By 1905, the nation’s zest for competitive shooting was cranked up to full speed. The standard matches were attended with ever increasing popularity, the first American women shooters were on the scene, and competitive handgun events were beginning to gain momentum. Long range shooting saw renewed popularity, and the Palma was back in play as the Adj. Gen. of Ohio, Ammon Critchfield, together with the far-ranging contributions, talents and political finessing of Army Brig. Gen. James Drain, newly elected president of NRA and editor of Arms and the Man—immediate predecessor to The American Rifleman—completed the building what is now known as Camp Perry on the shores of Lake Erie in Ohio.
The first joint National Matches at Camp Perry occurred in 1907 along with another reappearance of the Palma. New to competition that year was the Herrick Trophy. This fairly tall and highly decorated silver cup is in an upside-down configuration, having a wider base than top. It was presented to the first winner, the Ohio State Rifle Association team, by the trophy’s namesake, former Ohio Gov. Myron Herrick.
In 1909 the Dewar Cup, owned by the British, was donated for award in the international team postal competition. The presenter of the cup was none other than Sir Thomas Dewar of the Dewar label, scotch liquor fame. This lidded, moderately engraved, traditionally styled loving cup announced the future of international smallbore competition.
Following the trend of smallbore, scholastic shooting programs had expanded on a grand scale since an initial push by NRA in 1903. As a slew of trophies for an ever-widening range of shooting disciplines found their way to the awards table, this flourishing sector would not be left out. One of those awards was the Astor Cup, a traditional silver loving cup donated by the famous Col. John Jacob Astor. The cup was first awarded in 1910 to the Iowa City High School team, which managed to capture the cup seven times and was also won by the all-girls team from Central High School of Washington, D.C., in 1922 with a perfect score. Today, the whereabouts of the Astor Cup are unknown.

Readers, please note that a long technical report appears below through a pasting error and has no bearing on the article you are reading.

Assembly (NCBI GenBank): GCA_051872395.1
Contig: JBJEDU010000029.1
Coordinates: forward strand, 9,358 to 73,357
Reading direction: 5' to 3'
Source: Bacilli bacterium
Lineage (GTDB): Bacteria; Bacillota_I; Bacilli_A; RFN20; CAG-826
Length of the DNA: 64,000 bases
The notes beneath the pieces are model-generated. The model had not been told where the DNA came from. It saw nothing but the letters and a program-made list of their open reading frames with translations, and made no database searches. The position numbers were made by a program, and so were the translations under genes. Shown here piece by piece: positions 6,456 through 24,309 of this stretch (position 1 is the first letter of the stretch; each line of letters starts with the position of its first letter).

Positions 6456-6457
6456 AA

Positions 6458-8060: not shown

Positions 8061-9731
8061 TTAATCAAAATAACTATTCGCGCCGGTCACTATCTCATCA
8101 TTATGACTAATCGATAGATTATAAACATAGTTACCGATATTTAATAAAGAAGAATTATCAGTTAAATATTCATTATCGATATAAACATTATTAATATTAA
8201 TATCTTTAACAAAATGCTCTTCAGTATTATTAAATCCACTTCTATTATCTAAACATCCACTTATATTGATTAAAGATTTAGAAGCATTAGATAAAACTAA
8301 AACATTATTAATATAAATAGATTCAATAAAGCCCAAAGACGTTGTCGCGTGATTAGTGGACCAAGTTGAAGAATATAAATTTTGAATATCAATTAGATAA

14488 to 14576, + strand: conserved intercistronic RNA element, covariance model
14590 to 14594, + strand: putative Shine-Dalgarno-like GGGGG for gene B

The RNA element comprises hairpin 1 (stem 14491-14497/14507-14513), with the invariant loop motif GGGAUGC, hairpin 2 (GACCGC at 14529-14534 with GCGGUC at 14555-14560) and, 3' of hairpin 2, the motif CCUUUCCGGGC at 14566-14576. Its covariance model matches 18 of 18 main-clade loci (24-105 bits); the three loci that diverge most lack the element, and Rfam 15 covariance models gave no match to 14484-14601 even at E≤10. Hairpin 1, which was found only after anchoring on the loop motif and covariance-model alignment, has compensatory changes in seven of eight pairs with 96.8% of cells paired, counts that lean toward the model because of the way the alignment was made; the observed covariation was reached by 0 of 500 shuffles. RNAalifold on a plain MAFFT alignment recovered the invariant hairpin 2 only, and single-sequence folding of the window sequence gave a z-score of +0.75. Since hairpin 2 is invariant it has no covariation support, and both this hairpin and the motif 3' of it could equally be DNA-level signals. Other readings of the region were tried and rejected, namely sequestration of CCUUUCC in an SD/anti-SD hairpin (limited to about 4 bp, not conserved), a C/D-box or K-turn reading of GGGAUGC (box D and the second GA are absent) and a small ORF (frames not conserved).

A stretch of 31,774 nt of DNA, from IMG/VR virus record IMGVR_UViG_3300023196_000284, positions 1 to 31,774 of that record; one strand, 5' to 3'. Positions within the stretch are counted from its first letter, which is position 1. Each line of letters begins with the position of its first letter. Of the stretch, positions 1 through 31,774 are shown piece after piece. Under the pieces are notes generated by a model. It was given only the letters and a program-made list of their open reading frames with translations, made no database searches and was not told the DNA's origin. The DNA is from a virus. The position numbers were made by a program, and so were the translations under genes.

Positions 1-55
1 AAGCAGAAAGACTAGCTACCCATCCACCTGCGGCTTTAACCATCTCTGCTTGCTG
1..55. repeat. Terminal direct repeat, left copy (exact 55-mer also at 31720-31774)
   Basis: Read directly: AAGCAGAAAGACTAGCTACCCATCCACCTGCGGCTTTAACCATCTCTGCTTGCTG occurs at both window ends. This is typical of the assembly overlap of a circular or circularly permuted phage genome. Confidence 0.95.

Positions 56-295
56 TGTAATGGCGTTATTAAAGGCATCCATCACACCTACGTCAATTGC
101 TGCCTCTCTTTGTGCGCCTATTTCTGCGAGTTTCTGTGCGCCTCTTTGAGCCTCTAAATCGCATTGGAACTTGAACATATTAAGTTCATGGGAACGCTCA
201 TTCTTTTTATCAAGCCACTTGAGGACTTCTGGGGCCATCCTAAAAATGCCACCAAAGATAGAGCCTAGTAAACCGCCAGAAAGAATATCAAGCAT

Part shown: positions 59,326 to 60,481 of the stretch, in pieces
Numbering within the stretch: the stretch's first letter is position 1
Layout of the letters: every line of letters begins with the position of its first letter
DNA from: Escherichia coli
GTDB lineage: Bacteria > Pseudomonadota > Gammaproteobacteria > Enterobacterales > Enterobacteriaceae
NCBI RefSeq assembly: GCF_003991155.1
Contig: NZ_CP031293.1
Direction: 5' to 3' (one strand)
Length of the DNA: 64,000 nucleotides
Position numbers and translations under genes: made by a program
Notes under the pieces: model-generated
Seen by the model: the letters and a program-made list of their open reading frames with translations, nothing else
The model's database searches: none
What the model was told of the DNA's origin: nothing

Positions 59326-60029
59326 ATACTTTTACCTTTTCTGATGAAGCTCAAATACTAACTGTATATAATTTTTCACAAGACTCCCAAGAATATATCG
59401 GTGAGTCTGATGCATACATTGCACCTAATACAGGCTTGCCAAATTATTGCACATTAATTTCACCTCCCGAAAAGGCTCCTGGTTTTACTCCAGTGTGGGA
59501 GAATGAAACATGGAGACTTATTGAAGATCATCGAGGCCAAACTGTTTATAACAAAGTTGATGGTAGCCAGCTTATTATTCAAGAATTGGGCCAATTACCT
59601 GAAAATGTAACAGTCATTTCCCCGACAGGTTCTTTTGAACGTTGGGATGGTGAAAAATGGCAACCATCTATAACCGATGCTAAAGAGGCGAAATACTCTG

Perhaps one of the most pursued awards today is the Palma Individual Trophy, first awarded at the 1913 National “mega-match” that celebrated the 100th anniversary of the 1813 Battle of Lake Erie. This stall, long-stemmed chalice is mounted on a circular wooden base studded with silver medallions. Its support is comprised of detailed, miniature silver replicas of the 1903 service rifle, butts resting on the base, muzzles supporting and surrounding the base of the cup itself. Presented by the National Guard Association to NRA.
Note: This is the second of a multi-part series on the history of NRA trophies. Read Part 3. This work would not have been possible without the expertise and guidance of the NRA Competitive Shooting Division, the National Firearms Museum staff, and “Americans and Their Guns,” by James B. Trefethen and James E. Serven.